Airline passengers booked to fly from Gatwick this summer could be contacted and told their flight has been cancelled.
The airport, the second busiest in the UK after Heathrow, has announced plans to cap operations in July and August – with airlines instructed to cut some departures.
Here are the key questions and answers:
What’s the background?
In the three months since international travel restrictions for arrivals to the UK were eased, the aviation industry has struggled to cope with demand. With staff in short supply for ground handling companies and airlines, dozens of flights are being cancelled each day at Gatwick and other airports.
While most were notified at least a day or two in advance, some were grounded at very short notice. When disruption such as air-traffic control delays intervenes, there is no slack in the system.
What’s the plan?
Two weeks before the start of the July-August peak season, Gatwick airport’s bosses have asked airlines to trim their proposed schedules in the hope “that passengers experience a more reliable and better standard of service”.
The plan is to make cuts now, rather than risk further distressing “on the day” cancellations.
An airport statement said: “After a significant and rapid upturn in traffic, Gatwick airport is working with airlines to implement deliverable timetables to help prevent short notice and last-minute cancellations.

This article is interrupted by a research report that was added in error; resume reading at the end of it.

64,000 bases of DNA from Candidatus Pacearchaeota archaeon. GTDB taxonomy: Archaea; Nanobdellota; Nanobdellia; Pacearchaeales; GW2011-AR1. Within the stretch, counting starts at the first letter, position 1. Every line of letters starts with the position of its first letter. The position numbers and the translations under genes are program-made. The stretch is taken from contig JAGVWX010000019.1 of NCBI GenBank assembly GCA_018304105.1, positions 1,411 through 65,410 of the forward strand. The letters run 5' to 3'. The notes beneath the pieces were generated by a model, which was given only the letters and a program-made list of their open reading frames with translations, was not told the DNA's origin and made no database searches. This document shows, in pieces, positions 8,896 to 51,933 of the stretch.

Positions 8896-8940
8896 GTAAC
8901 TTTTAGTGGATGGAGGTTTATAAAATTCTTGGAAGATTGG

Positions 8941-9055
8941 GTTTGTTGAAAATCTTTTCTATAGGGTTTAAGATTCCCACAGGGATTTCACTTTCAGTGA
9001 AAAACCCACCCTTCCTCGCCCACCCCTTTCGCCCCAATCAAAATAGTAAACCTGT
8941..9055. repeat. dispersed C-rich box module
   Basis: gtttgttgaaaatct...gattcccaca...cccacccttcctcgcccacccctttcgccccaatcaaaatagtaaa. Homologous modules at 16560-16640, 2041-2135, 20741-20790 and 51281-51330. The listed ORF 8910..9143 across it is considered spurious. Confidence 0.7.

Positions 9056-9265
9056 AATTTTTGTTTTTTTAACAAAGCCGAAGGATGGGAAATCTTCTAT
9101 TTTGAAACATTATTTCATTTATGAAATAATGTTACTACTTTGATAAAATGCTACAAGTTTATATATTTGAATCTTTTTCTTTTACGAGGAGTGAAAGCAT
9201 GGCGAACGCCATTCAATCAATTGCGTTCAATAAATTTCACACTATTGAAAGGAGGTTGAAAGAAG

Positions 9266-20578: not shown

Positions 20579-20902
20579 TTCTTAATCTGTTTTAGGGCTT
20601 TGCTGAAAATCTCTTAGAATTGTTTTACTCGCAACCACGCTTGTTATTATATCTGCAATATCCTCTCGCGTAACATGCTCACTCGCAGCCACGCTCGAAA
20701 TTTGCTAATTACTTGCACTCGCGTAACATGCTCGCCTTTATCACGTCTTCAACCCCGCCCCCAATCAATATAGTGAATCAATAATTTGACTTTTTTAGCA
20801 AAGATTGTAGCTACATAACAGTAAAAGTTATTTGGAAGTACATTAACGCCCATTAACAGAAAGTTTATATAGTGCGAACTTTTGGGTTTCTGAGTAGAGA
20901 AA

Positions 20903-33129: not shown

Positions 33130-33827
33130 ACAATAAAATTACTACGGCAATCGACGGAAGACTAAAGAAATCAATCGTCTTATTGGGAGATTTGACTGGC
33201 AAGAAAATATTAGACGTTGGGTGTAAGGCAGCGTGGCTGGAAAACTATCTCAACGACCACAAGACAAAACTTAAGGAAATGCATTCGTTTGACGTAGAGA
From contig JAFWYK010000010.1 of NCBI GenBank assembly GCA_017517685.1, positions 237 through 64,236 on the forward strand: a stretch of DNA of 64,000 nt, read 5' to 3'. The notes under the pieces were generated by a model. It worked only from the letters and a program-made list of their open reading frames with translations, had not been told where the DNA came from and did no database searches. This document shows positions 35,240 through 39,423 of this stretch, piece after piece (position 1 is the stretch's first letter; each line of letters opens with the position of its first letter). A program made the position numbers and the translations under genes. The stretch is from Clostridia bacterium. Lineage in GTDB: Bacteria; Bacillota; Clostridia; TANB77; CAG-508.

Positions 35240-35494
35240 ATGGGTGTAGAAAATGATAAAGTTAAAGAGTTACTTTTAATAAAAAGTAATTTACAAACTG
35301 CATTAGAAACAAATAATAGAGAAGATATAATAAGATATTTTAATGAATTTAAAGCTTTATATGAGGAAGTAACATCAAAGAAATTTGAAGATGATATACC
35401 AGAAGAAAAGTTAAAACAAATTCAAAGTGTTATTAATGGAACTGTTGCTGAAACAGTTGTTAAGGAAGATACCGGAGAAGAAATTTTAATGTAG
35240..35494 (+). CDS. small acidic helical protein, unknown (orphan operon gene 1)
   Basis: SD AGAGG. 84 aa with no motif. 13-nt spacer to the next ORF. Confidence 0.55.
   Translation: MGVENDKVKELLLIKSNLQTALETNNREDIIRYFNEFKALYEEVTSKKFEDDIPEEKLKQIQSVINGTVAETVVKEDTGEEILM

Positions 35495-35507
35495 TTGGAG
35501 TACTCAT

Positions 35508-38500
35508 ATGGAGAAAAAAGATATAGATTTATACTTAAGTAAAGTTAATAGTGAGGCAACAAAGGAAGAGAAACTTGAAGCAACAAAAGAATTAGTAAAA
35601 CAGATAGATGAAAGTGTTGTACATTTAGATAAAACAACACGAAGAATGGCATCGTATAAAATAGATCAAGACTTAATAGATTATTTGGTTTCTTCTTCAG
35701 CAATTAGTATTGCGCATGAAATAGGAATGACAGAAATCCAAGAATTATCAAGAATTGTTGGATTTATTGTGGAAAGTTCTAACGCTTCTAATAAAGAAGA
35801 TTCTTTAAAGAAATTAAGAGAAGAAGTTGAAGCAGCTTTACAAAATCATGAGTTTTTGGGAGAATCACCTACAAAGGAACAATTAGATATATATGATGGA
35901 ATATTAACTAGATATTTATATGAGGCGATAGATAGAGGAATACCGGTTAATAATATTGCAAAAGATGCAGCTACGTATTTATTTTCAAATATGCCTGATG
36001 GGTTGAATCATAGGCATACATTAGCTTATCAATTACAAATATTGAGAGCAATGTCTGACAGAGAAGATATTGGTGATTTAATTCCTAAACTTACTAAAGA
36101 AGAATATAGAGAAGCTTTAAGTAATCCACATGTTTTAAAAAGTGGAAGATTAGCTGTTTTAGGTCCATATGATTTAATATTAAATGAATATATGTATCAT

“Under-resourced airline ground handling companies will cause poor service this summer and delays, unless urgent action is taken.”
How will the cull of flights work?
The vast majority of passengers will fly as planned. But on the busiest days, airlines will be told to cancel up to 50 flights – requiring thousands of passengers already booked on them to find alternative departures.
The airport has agreed with airlines to reduce planned operations from a maximum of 900 departures and arrivals to 825 in July and 850 in August.
Airport Coordination Ltd, the body that assigns take-off and landing “slots” at Gatwick and other hubs, will stipulate the number of cancellations that each airline must make.
Passengers on easyJet will bear the brunt of the cancelled flights, with British Airways, Wizz Air, Vueling and Tui also expected to ground departures.
Where does that leave holidaymakers whose flights are cancelled?
Under European air passengers’ rights rules, any passenger whose flight is cancelled can insist on being rebooked on the same day if a seat is available, even if it requires the airline that grounds the original departure to pay for a ticket on a rival airline.
So this could be a very expensive exercise for some airlines, but by giving at least two weeks’ notice they don’t have to pay passengers cash compensation.
Are similar reductions in flying likely at other airports?
Heathrow is talking to airlines about reducing flights – but already the biggest airline, British Airways, which has more than half the slots at the UK’s busiest airport, is cancelling around 120 departures a day – taking around 20,000 seats out of the system.
At Manchester Airport, Britain’s third-busiest, Tui has cancelled an average of six daily departures to reduce the strain on the ground-handling operation. Tui also has five fully crewed aircraft on standby, rather than the normal two./
Presumably for people hoping for a late deal, this isn’t good news?
Capacity will be very tight in July and August, but bargains will start to appear again in September.